Industrial Utility Efficiency    

Oil & Gas

A Gulf Coast chemical manufacturer of oxo derivative and intermediate products including alcohols, polyols, carboxylic acids, specialty esters, and amines experienced a failure in a critical chiller that shut down its entire Gulf Coast plant. A plant manager estimated a potential financial loss of over $1,000,000 each day the plant was down. The incident occurred over the weekend and there was great concern that locating a replacement chiller with sufficient capacity would be challenging.  
Chiller & Cooling Best Practices Magazine interviewed Paul Heston (General Manager) and Tom Strock (Chief Engineer) from Hydrothrift Corporation. In a nutshell, where workers are exposed to harmful chemicals, they must have eyewash and safety shower stations to decontaminate themselves in the event of a spill or splash. A variety of industries, including petrochemical, chemical, metal fabrication and laboratories, must plan for this contingency. The ANSI Z358.1 Standard specifies the water used for these purposes must be tepid or within a site-specified range.  This means in colder climates, water must be heated, and in hotter climates water must be cooled.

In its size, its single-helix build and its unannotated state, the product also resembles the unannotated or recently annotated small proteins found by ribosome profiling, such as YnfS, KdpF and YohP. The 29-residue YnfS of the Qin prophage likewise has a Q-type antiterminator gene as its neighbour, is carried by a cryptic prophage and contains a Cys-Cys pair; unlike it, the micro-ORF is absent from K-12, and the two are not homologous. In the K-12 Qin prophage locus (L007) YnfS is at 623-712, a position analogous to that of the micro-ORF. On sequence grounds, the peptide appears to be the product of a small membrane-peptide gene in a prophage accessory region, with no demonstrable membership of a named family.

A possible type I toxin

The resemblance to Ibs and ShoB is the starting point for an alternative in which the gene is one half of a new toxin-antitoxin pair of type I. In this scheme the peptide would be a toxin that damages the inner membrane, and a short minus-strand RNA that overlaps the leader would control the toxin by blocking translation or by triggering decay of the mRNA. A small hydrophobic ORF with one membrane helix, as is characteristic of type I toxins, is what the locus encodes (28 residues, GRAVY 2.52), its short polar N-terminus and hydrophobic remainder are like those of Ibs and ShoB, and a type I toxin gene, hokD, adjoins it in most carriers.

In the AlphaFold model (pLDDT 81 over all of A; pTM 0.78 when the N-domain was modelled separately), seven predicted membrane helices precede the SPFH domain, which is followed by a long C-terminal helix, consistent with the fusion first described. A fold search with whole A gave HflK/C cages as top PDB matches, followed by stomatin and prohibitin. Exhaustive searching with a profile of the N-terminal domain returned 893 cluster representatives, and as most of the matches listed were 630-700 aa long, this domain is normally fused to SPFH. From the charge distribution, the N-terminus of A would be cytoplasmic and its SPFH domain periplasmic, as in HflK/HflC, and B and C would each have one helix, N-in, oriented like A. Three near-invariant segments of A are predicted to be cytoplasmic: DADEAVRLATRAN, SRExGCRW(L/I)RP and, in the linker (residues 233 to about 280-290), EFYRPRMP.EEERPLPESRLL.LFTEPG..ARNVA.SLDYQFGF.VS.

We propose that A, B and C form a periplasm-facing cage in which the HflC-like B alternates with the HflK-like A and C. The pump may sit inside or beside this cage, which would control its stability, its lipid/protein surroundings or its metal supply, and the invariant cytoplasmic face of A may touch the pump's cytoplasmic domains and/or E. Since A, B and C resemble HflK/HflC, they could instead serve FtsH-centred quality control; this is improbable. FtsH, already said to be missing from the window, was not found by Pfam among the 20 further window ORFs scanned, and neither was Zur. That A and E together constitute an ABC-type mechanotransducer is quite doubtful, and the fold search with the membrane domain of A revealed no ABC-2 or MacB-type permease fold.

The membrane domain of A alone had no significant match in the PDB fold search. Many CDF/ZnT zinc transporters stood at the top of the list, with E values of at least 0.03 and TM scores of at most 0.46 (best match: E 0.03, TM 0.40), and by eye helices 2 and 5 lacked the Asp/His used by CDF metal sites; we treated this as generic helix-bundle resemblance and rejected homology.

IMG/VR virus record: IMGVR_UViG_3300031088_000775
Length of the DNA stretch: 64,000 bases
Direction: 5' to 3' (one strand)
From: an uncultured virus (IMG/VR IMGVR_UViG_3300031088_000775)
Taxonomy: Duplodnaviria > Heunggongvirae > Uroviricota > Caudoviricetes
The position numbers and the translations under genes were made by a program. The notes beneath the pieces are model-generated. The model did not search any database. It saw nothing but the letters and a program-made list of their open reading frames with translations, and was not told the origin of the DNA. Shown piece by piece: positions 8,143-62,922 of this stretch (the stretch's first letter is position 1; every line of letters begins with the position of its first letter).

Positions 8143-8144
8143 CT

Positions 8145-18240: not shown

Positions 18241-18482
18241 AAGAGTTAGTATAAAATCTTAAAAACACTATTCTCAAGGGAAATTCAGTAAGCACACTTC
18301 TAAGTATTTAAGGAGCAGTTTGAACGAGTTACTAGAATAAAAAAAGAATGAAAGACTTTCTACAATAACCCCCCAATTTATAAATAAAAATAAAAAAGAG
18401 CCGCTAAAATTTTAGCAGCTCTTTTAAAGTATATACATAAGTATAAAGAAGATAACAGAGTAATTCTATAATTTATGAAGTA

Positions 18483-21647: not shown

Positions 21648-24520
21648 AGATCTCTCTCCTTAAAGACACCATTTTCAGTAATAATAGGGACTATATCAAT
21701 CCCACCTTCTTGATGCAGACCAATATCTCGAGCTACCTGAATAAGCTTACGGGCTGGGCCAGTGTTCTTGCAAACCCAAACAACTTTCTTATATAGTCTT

As with most major process plants, refineries and petrochemical plants periodically need to shut down the entire plant or major portions of it for major maintenance activities. These time periods are referred to as ‘turnarounds’ and are time periods of intense activity. Once the plant shuts down, a considerable amount of money is being spent without any revenue being generated.
The first and most important process unit in petrochemical processing is ethylene. It is the starting point for the vast majority of other petrochemical processes that derive their feedstocks from ethylene. If this unit is forced to reduce its throughput due to an equipment-related issue, it could spell economic disaster for a plant. Unfortunately, that is exactly what happened to a Gulf Coast petrochemical processor’s primary facility. It experienced a collapse in the cooling tower that supported the ethylene unit, which compromised the structural integrity of the equipment. Worse yet, it was estimated that it would take one month to repair the two damaged cells. The affected facility would need to reduce the feedstock to its downstream units by 20 to 40 percent to compensate for the lost cooling capacity. The economic impact of the cooling tower failure was estimated at $5,000,000 per day.